Koji Wakamatsu Reflects on His Career in Final Interview Before His Death

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In his last interview before his death on Oct. 17 at age 76, the Japanese director talked to THR about being named Filmmaker of the Year at the Busan film festival and weighed in on five of his most important works.


The Embryo Hunts in Secret (Taiji ga Mitsuryo Surutoki) 1966

Wakamatsu calls the film, “representative of the films I made in the 1960s,” which to some means cheap, exploitative sex films, to others, biting social commentary on the human condition. Set in an apartment, a woman is held against her will and abused by her boss, though the film suggests that she is the one controlling her disturbed and obsessed captor. “I shot this all in one room with just two actors, on a really low budget.”

Go, Go, Second Time Virgin (Yuke Yuke Nidome no Shojo) 1969

This dark story of rape and revenge is often cited as a classic example of Wakamatsu’s many exploitation adult flicks. Shot in grimy black and white, with color used sparingly for the teenage protagonists’ flashback scenes, the 66 minutes of the film make for far from easy viewing. “It was a film of its time, when all the eyes of the world were on the Vietnam War, I wanted to show there were still other issues. We used almost no money to make the film, and it was shot on the roof of our office in Tokyo.”

United Red Army (Jitsuroku Rengo Sekigun) 2008

Clocking in at more than three hours, the film is a documentary-style look at the self-destruction within a group of the revolutionary Japanese Red Army. The story is based on the events of the Asama-Sanso Incident, when members of the faction killed each other, took hostages and ended up in a fatal shoot-out with the police. “Those young people thought they would change Japan. Young people now don’t have that kind of feeling at all. If you look at the anti-nuclear demonstrations in Japan now, it’s all old people. The young now just play games, watch movies based on manga comics and use smarthphones.”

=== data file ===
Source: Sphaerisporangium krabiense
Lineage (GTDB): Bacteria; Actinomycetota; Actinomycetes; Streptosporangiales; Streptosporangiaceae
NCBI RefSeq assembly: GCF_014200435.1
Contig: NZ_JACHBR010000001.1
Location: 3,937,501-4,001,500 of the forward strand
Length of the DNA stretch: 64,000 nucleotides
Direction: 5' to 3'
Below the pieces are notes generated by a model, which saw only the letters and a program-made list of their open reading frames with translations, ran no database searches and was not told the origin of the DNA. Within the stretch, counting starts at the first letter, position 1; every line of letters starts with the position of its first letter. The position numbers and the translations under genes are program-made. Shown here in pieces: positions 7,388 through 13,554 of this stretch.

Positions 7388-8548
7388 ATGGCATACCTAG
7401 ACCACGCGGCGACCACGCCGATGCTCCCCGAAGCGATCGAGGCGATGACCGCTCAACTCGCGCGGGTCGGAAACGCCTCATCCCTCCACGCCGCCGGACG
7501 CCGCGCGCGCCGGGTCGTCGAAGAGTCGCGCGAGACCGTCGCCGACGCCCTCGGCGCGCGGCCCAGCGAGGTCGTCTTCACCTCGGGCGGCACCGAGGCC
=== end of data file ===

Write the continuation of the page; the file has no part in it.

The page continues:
Caterpillar 2010

This anti-war epic, which competed for the Golden Bear at Berlin in 2010, is the story of a soldier who returns from the Second World War with all his limbs amputated. “There were really people like that who came back from the war; I want people to know that. Nation states are the cause of wars, they need to be got rid of. The dispute now over the Senakaku Islands is a typical example, fighting over lines on the map. They should blow the whole place up and then there would be nothing to argue over.”

The Millennial Rapture (Sennen no Yuraku) 2012

The story centers around Japan’s bunraku caste – of which the author of the original stories was a member - who did what were considered "unclean jobs" in centuries gone by, and whose descendants still face occasional prejudice in Japan today. “Based on Kenji Nakagami's novel [English Title: A Thousand Years of Happiness], the film was shown at the Venice Film Festival this year. It’s the story of an old person who has faced discrimination throughout an entire lifetime.”

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